The Local Government Commission has confirmed the Waikato district will increase by about 14,500 residents and include the towns of Tuakau, Pokeno and Mercer as part of Auckland’s super-city boundary changes.
On November 1, the Waikato District will expand geographically to incorporate 100,000 hectares of land and 6800 properties in the Franklin district.
Waikato Mayor Peter Harris was particularly pleased with the commission’s decision to allow his council to establish an office in Tuakau.
“We believe this will best accommodate our citizens,” he told the Waikato Times.
“The Tuakau office will offer a range of services, and operate in a similar way to our Huntly and Raglan offices.”
The commission also accepted the council’s proposed new ward structure, which will see the Waikato District divided into 11 wards represented by one mayor and 14 elected councillors.
Three new wards have been created to incorporate the portion of Franklin that is now in the Waikato District – Awaroa ki Tuakau, Onewhero and Whangamarino.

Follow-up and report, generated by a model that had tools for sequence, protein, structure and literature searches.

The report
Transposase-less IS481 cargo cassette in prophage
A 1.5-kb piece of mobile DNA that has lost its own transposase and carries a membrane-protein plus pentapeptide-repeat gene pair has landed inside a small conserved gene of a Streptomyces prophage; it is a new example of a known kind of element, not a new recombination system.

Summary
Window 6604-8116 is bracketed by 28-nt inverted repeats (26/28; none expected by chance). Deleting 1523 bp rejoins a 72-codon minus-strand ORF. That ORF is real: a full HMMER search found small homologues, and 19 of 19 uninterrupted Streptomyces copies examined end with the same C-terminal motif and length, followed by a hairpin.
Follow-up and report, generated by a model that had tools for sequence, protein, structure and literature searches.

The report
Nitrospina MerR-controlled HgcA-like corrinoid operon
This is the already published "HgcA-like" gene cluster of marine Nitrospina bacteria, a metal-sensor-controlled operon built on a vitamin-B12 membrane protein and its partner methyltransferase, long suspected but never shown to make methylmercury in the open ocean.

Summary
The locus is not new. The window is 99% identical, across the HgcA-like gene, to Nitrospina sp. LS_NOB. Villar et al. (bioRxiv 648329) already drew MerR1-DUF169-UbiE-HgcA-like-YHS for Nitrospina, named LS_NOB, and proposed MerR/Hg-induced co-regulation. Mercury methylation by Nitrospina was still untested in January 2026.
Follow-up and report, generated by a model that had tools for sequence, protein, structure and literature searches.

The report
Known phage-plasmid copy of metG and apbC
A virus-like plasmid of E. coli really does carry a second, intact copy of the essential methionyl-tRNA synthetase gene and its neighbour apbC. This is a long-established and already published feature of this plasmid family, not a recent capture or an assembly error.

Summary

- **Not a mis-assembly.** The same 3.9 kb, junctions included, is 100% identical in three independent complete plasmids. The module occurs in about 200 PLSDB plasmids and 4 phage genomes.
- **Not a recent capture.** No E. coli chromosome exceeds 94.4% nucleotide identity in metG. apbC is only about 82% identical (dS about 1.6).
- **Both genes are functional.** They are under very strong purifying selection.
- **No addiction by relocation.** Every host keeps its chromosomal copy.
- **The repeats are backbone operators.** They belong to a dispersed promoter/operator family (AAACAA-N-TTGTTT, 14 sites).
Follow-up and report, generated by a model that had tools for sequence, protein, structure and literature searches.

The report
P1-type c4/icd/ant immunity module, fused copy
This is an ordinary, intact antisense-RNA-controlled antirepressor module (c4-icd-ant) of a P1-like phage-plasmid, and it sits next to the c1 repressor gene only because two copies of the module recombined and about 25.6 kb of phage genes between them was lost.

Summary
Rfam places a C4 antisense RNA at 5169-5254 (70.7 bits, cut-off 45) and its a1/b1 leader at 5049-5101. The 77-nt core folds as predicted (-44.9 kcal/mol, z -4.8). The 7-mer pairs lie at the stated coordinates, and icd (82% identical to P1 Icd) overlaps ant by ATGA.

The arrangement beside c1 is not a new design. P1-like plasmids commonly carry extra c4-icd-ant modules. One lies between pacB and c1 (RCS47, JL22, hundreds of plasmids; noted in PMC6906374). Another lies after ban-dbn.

The commission also agreed to retain the Onewhero-Tuakau community board and increase the number of board members from four to six.
“Council is pleased with this outcome as it will ensure the interests of our new communities are represented,” Mr Harris said.
Waikato District Council is planning to increase its rates by 2.96 per cent, to $184.62 per $100,000 of capital value, while its uniform annual general charge increases from $450 to $463, under work programmed in its draft annual plan.
The draft annual plan’s consultation period runs from March 22-April 23, with submission hearings starting on May 17.
Waikato District Council’s hearings committee has approved an application to establish a two-lot subdivision on the corner of Devine and Koppens Rds in Tamahere, despite strenuous objections from the Icepak Group.
The application was opposed by Icepak director Wayne Grattan who objected to dwellings being within 100 metres of the Tamahere commercial area.
He was worried about possible effects on the future use of the Icepak site, and said future commercial use should be protected.
But the hearings committee said the proposal was in keeping with the country living zone subdivisions, and considered a 60m setback for new dwellings was sufficient.